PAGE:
– There may be a very high chance that no (or too little) tax was paid for the cigarettes. Cigarette smuggling and counterfeiting is a huge market. This even works interstate, as NY City has twice the tax as Pennsylvania and almost 10 times more than Virginia. It’s much harder to combat this for street salesman than for shops.

          • Randy M says:

            Aajpe makes good points why others may disagree with you (us, really); but I didn’t realize you were so libertarian-ish.
            I can see this leading to a situation where fines are levied automatically from your account, so the city/state can punish/extract revenue from you without ever risking escalation, and those without accounts are ignored for such minor offenses. Of course at that point we probably just have fines and fees deducted from our monthly UBI.

          • J Mann says:

            @dndnrsn – it turns out that’s a really interesting question.

            There are two answers:

            (1) Federal law requires that cigarettes be sold with the tax stamp to ensure the tax was paid. (And presumably by licensed dealers to minimize sales to minors).

            (2) Until the FDA assumed regulation of tobacco in 2010, ATF allowed sale of single cigarettes in individual tax stamped packages. Once the FDA took over, they forbade the practice, presumably in response to anti-smoking lobbyists, who had argued that single cigarette sales encouraged youth smoking.

            http://www.seattletimes.com/seattle-news/need-to-buy-one-last-cigarette-too-bad-singlestick-sales-halted/

          • J Mann says:

            More officers should certainly go to prison. Just because I agree they aren’t being acquitted because of racism doesn’t mean that the reasons they are being acquitted are good ones.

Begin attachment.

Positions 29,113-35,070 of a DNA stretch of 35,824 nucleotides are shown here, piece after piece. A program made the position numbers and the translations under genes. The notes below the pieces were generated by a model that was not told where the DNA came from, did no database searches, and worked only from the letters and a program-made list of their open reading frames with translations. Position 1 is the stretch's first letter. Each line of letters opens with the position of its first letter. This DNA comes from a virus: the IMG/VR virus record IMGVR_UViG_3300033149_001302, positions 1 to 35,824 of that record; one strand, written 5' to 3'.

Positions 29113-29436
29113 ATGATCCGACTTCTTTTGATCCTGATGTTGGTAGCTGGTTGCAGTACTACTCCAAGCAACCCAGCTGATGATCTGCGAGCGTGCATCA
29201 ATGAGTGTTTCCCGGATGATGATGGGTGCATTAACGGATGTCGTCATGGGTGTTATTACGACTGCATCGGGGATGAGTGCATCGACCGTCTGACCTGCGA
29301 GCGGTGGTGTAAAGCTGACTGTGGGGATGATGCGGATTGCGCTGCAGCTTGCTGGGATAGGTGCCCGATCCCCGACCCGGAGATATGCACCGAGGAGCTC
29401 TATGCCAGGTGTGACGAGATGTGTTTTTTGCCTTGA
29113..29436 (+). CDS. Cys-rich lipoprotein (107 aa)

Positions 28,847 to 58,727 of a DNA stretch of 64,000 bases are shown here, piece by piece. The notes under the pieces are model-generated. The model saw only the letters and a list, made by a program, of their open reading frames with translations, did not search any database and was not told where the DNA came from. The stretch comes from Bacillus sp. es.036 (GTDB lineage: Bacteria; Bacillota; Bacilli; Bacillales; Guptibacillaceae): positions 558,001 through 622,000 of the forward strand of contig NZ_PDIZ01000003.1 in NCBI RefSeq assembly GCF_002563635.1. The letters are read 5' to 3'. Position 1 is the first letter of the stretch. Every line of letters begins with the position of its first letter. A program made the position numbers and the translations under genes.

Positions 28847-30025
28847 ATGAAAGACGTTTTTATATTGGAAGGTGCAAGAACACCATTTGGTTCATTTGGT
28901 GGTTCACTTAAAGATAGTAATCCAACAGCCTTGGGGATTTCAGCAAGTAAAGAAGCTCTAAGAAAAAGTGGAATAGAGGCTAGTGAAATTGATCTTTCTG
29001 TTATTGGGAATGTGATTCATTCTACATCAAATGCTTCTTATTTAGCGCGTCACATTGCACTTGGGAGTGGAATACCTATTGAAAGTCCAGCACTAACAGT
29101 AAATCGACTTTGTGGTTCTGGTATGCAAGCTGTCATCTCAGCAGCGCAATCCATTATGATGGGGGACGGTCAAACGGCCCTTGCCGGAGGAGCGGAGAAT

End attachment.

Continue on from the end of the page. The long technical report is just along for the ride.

I completely disagree. IMHO, the cause of acquittals is that (1) we ask police officers to enter armed into dangerous situations on behalf of the community; and (2) we grant criminal defendants the benefit of the doubt.

            I wouldn’t change #2 – it would lead to more wrongful convictions along with more rightful ones, just like if you changed it for other defendants.

            I’m open to changing #1 by reducing the number of laws police are required to enforce, or by disarming police, or by changing the rules of engagement.

          • Brad says:

            I wouldn’t change #2 – it would lead to more wrongful convictions along with more rightful ones, just like if you changed it for other defendants.

            De facto it already has been changed for other defendants. Only police officers, the very rich, and celebrities (including temporary celebrities) get the justice system they teach you about in grade school.

            Whether we should have the cop system for everyone or cops should have the regular system — either way it is entirely unjust to have two separate systems. Far more unjust than it would be to subject cops to the flawed system the rest of us subject to.

          • Matt M says:

            either way it is entirely unjust to have two separate systems

            I’m not entirely sure this is necessarily true. Consider this a bit of devil’s advocate, but I think it’s logically consistent to say “Because we are asking cops to do this dangerous and undesirable (but highly necessary) thing, we are willing to be a bit more tolerant in giving them the benefit of the doubt when things go poorly.”